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Multivitamin use doesn’t ward off heart disease

Another finding of Brigham study reported

A month after Boston ­researchers reported that multi­vitamins could cut cancer risk, new results released Monday from the same study bring disappointing news: Multi­vitamins do not offer any benefits for preventing heart disease.

The study, conducted by Brigham and Women’s Hospital, involved nearly 15,000 male physicians over age 50 who were randomly assigned to take a Centrum Silver multivitamin or a placebo for an average of 11 years. The researchers found that multivitamins offered no protection against heart ­attacks, strokes, or deaths from heart disease.

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“The way we view this study is that there’s no obvious reason to take a daily multivitamin solely for the prevention of cardio­vascular disease,” said study leader Howard Sesso, an associate epidemiologist in the Brigham’s Division of Preventive Medicine who presented the research at the American Heart Association’s annual meeting in Los Angeles. “But it’s perhaps narrow-minded to think that we shouldn’t take multivitamins at all considering our findings with cancer prevention.”

That result found that men who took the daily multi­vitamin had a modestly lower risk, about 8 percent, of developing cancer, compared with those who took a placebo. The researchers plan to announce additional results from the same study within the next few weeks on whether multi­vitamins protect against eye diseases and age-related memory loss.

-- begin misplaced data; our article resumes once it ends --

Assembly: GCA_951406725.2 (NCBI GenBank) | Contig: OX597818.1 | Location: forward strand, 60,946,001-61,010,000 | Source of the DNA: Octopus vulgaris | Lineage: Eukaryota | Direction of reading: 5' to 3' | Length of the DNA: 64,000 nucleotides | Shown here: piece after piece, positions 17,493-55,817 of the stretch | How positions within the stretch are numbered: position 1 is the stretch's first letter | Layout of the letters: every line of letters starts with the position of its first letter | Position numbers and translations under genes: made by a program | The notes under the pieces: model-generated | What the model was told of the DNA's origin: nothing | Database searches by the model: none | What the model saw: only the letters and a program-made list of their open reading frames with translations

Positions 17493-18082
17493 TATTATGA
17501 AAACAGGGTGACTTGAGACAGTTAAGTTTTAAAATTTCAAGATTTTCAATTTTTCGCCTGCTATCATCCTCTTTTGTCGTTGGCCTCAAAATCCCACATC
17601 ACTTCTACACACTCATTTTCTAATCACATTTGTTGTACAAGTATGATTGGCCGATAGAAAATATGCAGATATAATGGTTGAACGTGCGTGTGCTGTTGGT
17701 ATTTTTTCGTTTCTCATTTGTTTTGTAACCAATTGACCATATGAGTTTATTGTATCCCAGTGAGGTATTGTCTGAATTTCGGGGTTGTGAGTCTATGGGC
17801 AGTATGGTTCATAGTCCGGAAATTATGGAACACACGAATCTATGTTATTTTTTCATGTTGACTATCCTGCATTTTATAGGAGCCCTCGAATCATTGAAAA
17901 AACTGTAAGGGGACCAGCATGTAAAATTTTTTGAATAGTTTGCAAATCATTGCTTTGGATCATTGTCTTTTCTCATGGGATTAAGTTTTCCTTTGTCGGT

Megadoses of individual nutrients such as vitamin E and beta carotene have previously been shown to offer no protection against heart disease, and the latest finding underscores the importance of looking elsewhere to reduce the most common cause of American deaths.

“Many people with heart disease risk factors . . . lead sedentary lifestyles, eat processed or fast foods, continue to smoke, and stop taking life-saving prescribed medications, but purchase and regularly use vitamins and other dietary supplements, in the hope that this approach will prevent a future myocardial infarction or stroke,” Dr. Eva Lonn, a cardiologist at McMaster University in Ontario, wrote in an editorial that accompanied the study, which were both published online by the Journal of the American Medical Association. “This distraction from effective cardio­vascular disease prevention is the main hazard of using vitamins and other unproven supplements.”

While Lonn wrote that heart disease is “largely preventable” via a diet rich in fruits, vegetables, and whole grains, regular exercise, and smoking avoidance, another finding presented at the heart association meeting and published in the same journal indicates that about 1 in 3 Americans with no risk factors will have heart disease at some point. Major heart disease risk factors include high blood pressure, elevated cholesterol, or diabetes.

Northwestern University researchers culled through five research studies involving more than 100,000 participants and found that more than 40 percent of men and more than 30 percent of women with no heart disease risk factors had a heart attack, stroke, or clogged arteries that required a stent or bypass surgery by age 85. That is far lower than the 60-percent lifetime heart disease risk faced by a typical American who has one or two major risk factors.

What’s more, those in the lowest-risk category developed heart problems, on average, 14 years later.

“I think the finding not only illustrates that heart disease can be an inevitable part of ­aging,” said Sesso,“but that making a lifetime commitment to eating right and exercising can delay the onset of this disease,” the next best thing if prevention is not possible.

Deborah Kotz can be reached at dkotz@globe.com. Follow her on Twitter @debkotz2.
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